Every so often, a recording comes along in which the conductor's conception of an opera sweeps even defective or unsatisfying performances by solo principals before it. Such was the case of the Tullio Serafin "Ballo in Maschera," the Toscanini "Aida," Furtwangler's "Der Freischutz," Charles Dutoit's "Les Troyens," and this recording, which is actually two complete performances for the cost of one. Philips, then, has scored twice with such a gem - both this set and the 1980 Karajan "Falstaff" were recorded for that label.
Gergiev's "Boris"(es) present an astonishing combination of fire, sweep, drama and musicality in a way I have never heard before. From first note to last in both versions, one is struck by the amount of musical and orchestral detail he is able to bring out, making each scene not only "live" in a dramatic sense, but also pulling the loose threads and uneven scenes together in a way that gives this massive, rambling opera shape and focus. I am simply spellbound by this man's abilities, though I am sure that he must use Toscanini-like rages and epithets to achieve his "miraculous" results!
The Moscow reviewer below is correct: the earlier version of the Pimen-Dmitri scene does not use the original music or words when Grigory (the false Dmitri) awakes. But what does such a niggling detail matter in the face of such an powerful, musical reading?
As for the various performers: neither Nikolai Putilin nor Vladimir Vaneev will efface memories of Boris Christoff's rich, tight-focused voice, but strictly as vocal actors they compete with Christoff and then some. Putilin has the higher voice, more of a baritone really, so that his lowest passages present some problems, and he has the archtypical Slavic "wobble" which means that some of his notes sound a bit shaky; yet he has more voice and a better "ring" on the top than Fedoseyev, the pale-voiced Boris of the early-'80s Philips set. His counterpart in the 1982 version, Vladimir Vaneev, has an altogether darker timbre, more like a Russian Gottlob Frick, and is more of a bass, which means that he comes to some grief in the high-lying passages of the Coronation Scene, but otherwise he is splendid, vocally and histrionically.
The Pimen in both sets, Nikolai Ohotnikov, is absolutely splendid: a rich, warm, well-focused low bass, reminiscent at times of the legendary Lev Sibiriakov (now, there's a name that only die-hard collectors will know!). He, too, sings with tremendous feeling, and is in fact much better than Christoff's Pimen on either set (the 1952 Dobrowen version or the stereo Cluytens version)...for all his vocal gold, Christoff could not project the warmth or humanity of Pimen because he had none in his character. (Don't take my word for it, though: talk to anyone who performed with him, or read Nicolai Gedda's account in his autobiography.)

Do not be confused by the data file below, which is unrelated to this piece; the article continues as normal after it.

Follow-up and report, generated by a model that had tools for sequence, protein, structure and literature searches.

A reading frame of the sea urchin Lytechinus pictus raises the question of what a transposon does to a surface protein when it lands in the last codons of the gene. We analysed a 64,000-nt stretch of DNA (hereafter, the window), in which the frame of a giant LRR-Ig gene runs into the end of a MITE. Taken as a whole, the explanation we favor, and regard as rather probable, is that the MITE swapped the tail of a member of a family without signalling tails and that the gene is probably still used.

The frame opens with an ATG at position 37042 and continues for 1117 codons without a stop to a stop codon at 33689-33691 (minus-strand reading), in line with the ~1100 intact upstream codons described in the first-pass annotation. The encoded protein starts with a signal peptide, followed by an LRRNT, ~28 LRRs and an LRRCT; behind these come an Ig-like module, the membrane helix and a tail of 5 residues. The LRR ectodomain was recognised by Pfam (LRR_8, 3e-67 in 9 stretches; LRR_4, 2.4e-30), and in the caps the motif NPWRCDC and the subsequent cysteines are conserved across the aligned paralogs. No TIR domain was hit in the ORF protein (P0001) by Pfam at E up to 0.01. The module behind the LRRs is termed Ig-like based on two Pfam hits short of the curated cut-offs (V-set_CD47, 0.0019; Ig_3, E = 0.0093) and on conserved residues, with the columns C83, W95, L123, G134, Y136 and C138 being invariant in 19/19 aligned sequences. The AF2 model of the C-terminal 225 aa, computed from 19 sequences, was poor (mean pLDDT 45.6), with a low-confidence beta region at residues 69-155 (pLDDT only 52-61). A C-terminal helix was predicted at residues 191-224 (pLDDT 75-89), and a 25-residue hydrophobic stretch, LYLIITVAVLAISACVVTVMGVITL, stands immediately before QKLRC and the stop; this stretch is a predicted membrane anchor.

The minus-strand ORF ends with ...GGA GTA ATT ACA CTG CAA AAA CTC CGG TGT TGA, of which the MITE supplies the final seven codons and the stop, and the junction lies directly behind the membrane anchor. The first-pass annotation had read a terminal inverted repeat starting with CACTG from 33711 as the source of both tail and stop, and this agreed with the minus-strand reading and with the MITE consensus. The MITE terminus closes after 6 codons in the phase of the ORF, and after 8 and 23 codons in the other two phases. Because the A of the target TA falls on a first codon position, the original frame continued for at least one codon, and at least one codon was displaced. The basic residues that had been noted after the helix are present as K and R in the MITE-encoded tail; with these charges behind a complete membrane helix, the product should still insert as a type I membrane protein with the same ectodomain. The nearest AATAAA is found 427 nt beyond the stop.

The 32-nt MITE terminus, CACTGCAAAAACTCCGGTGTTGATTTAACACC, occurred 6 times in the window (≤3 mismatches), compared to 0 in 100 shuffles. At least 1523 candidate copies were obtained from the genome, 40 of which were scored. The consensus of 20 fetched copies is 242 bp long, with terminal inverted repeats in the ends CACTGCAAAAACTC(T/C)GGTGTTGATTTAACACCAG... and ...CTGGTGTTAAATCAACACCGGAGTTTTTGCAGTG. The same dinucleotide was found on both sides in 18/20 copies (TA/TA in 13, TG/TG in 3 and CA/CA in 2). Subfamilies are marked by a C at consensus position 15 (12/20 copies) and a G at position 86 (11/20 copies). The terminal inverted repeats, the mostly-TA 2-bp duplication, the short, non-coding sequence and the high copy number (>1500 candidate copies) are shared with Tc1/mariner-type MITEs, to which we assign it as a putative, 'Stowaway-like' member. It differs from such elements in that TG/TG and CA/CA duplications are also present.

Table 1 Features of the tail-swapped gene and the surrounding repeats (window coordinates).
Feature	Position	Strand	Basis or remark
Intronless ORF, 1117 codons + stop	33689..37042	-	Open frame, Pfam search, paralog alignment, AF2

The 1869 Grigory, Viktor Lutsuk, has a bright, ringing voice and good interpretive skills, but he suffers even worse from Slavic wobble than Putilin. The 1872 Grigory, Vladimir Galusin, is of course one of the great singing-actors of our time, caught here in his early prime with a brighter-sounding top than we are used to.
The Moscow reviewer really seems to hate Olga Borodina's Marina. She sings gloriously but, as usual, with an all-purpose tone that does not show much characterization. Evgeny Nikitin has far and away the finest voice I have ever heard in the role of Rangoni, the underhanded Jesuit, but both singers were easily topped dramatically by Mariana Lipovsek and Serge Leiferkus on the Abbado recording. In fact, this is the greatest "Polish scene" I have ever heard. But there is one detail near the end that simply astonished me: when Marina, Grigory and Rangoni come together in their trio, their voices blend perfectly. This is something I thought I would never hear in a modern opera performance, and certainly not in "Boris"!
As Varlaam, Fyodor Kuznetsov is superb in both sets: this is the best and most rhythmically accurate "Town of Kazan" aria I've ever heard from anyone. As Chaliapin pointed out, Varlaam is not a buffoon, but a wandering pilgrim, a drunk who drinks to soothe his unnamed longings, and the "Town of Kazan" song is not so much a jolly comedy piece as an outburst of this longing for the unnamed, a way of bursting out. Kuznetsov captures this perfectly.
Konstantin Pluzhnikov is a superb Shuisky both vocally and dramatically. Olga Trifonova is a wiry-voiced Xenia but characterizes well. The small roles are all sung well. Evgeny Akimov as the Simpleton will not efface memories of Ivan Kozlovsky, the finest Simpleton on records (in the old Mark Riezen set), or Andrea Velis, who sang the role so well at the Met Opera revival of 1975, but he too is quite good.
The one thing you should remember when judging this recording is that Gergiev, unlike others who have recorded the opera, only used singers from his Kirov Opera company. Galsin and Borodina have become stars, but only after the fact. This is akin to Serafin's using only the Rome Opera cast for his 1943 "Ballo in Maschera," another recording that is remarkably excellent despite the stylistic shortcomings of Beniamino Gigli.
I cannot recommend this recording highly enough. If you have no other "Boris," this is the place to start; and even if you have Christoff, this is the place to go next!